Nanowrimo, AKA National Novel Writing Month, is an annual challenge to write 50,000 words in the month of November. In just 30 days, writers attempt to complete a short novel. They may also succeed in creating a daily writing habit since you need to write about 1,666 words a day to win. Sounds like a great challenge, right? Especially for new writers who often need an external deadline to finish that elusive first draft.
So I signed up. And I deeply regret it.
I made three major mistakes
To me, Nanowrimo eemed like a miracle cure. Writing 50K words in just one month could be an incredible boost to my word count. I’m not a new writer. I’ve already finished many first drafts and I already developed a writing process and habit. Nanowrimo didn’t seem so difficult and I wanted to prove to myself that I could complete the challenge. I gave myself no other choice but to win.
2. Beginning a new project
When November 2020 came close, one of my works in progress was being read by my critique partner. I was in the middle of reading over the first draft of another story I had completed a few months before. Starting a new story, as per the Nanowrimo guidelines, was not what I should have done at that point.
Despite all, I began to plot a new story. I decided to make the story simple but ended up creating an entire fantasy world with multiple races, cultures, and religions, and a large main cast. Whoops. Still, I was determined to enjoy this story. Unfortunately, then came my third and biggest mistake.
3. Ignoring my mental health
I was going through a stressful period of my life and I needed a healthy outlet. This was not it.
My current writing habit allows breaks when I need a mental health day. Nanowrimo’s word count doesn’t allow for that, at least not in the way I approached the 50K challenge. I forced myself to write almost every day so I wouldn’t fall too behind, sometimes managing only a few hundred words. I’m proud of those hundred words, however, more proud than the first day where I wrote 6K without any mental resistance.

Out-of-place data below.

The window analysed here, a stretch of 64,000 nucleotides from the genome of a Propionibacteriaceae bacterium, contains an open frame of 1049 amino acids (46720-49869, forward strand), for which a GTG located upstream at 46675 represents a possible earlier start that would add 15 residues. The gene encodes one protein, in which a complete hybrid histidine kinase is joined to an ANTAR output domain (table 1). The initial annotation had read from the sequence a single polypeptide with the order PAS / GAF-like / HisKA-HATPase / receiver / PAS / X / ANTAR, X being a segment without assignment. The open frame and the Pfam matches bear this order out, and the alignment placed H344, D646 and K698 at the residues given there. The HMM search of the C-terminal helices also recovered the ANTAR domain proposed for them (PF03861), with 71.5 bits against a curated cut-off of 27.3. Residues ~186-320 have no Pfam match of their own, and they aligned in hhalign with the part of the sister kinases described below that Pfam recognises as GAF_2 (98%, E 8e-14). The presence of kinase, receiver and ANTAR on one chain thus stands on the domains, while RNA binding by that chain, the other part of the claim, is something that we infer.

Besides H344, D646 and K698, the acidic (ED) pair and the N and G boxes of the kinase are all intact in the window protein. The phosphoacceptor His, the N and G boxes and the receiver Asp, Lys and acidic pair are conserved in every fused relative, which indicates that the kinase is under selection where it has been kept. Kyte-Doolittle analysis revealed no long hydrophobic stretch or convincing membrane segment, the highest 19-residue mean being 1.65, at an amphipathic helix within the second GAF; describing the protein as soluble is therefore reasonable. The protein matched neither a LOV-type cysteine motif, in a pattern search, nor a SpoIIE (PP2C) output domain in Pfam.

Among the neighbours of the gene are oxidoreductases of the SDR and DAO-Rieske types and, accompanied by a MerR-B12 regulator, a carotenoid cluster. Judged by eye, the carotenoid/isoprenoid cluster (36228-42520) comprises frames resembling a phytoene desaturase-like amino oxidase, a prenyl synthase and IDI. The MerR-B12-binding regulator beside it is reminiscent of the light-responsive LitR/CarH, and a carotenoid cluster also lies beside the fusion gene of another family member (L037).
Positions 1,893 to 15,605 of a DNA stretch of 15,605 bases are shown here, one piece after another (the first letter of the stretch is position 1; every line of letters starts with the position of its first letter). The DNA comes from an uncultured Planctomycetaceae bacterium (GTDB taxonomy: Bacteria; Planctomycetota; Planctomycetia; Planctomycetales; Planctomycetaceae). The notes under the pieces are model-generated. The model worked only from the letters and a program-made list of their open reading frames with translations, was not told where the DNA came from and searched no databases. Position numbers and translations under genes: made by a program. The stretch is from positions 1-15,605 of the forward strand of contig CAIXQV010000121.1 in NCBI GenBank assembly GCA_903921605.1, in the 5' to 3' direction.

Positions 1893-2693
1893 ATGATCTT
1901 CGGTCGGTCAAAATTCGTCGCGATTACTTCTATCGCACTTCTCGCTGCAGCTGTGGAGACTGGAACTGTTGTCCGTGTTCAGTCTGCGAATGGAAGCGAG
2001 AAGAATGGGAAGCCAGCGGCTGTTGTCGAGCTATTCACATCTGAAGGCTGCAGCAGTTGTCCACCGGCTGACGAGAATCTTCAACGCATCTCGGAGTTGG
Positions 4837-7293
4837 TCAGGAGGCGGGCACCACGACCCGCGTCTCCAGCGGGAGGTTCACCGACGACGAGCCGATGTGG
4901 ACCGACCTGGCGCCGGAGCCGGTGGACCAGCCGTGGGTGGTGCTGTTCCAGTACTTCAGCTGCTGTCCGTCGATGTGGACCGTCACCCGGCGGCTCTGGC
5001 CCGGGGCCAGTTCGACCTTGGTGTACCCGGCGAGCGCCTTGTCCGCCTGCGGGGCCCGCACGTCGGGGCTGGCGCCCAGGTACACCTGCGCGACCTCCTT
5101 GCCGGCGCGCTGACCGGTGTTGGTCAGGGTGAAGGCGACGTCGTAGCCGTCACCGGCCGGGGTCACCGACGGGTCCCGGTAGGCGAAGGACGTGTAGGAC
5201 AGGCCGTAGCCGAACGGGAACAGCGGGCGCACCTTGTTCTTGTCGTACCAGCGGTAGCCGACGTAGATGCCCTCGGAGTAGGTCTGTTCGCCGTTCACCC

There were many days when I wrote just for the sake of Nanowrimo, not because I was excited to continue the story. I should’ve taken a break. As I said before, I was going through an extremely stressful period of my life, and I should have spent the time properly taking care of myself instead of fixating on an arbitrary word count. However, I was determined to win. Losing wasn’t an option for me, to my detriment.
I won but I failed
I won on Day 29. I spent the last few days writing like a madwoman. I was behind on my word count, but as I said before, failing wasn’t an option. I hit 50,000 words and my creativity was squeezed dry. I was so spent, I didn’t have the energy to celebrate.
So I put my novel aside. I didn’t take a break, I collapsed. My break didn’t come until I got diagnosed with COVID-19 and spent several days in bed, sleeping and guzzling tea. After I recovered, I was finally able to open up my laptop and continue writing almost a month after I won Nanowrimo.
Burnout after Nanowrimo is experienced by many, and I said before, I was dealing with personal issues that made the challenge a bad idea for me this year.
What I learned about writing
Many people try Nanowrimo and finish with less than 50K but they gain a writing habit or are pleased with whatever they wrote. That is good and healthy. That is the point of Nanowrimo.
I don’t think Nanowrimo is for competitive writers with an already established writing routine, at least in my personal experience. I like the 50,000 words I wrote, I just wish I enjoy writing them more.
Perhaps if this past November wasn’t such a difficult time, I would have enjoyed the challenge more and I wouldn’t have experienced such an intense burnout. Maybe. I still think my competitive nature would have worked to my detriment. Because I don’t want to write to complete a word count. I want to write because I love writing and because writing makes me happy.
I still recommend Nanowrimo to others. If you want to try the challenge, go for it! It may help propel you to finish a story or create a writing routine, both extremely vital things to writers. You might learn something else about yourself, as I have, something good, bad, or ugly. All of which can be beneficial for your writing journey.
As for me, I’ve learned what I could about myself and my writing during Nanowrimo and I will not be attempting the challenge again — at least, not in the near future. For now, I will stick to the writing routine I have, the one that allows me to take breaks when I need them. Most of all, it allows me to write with joy.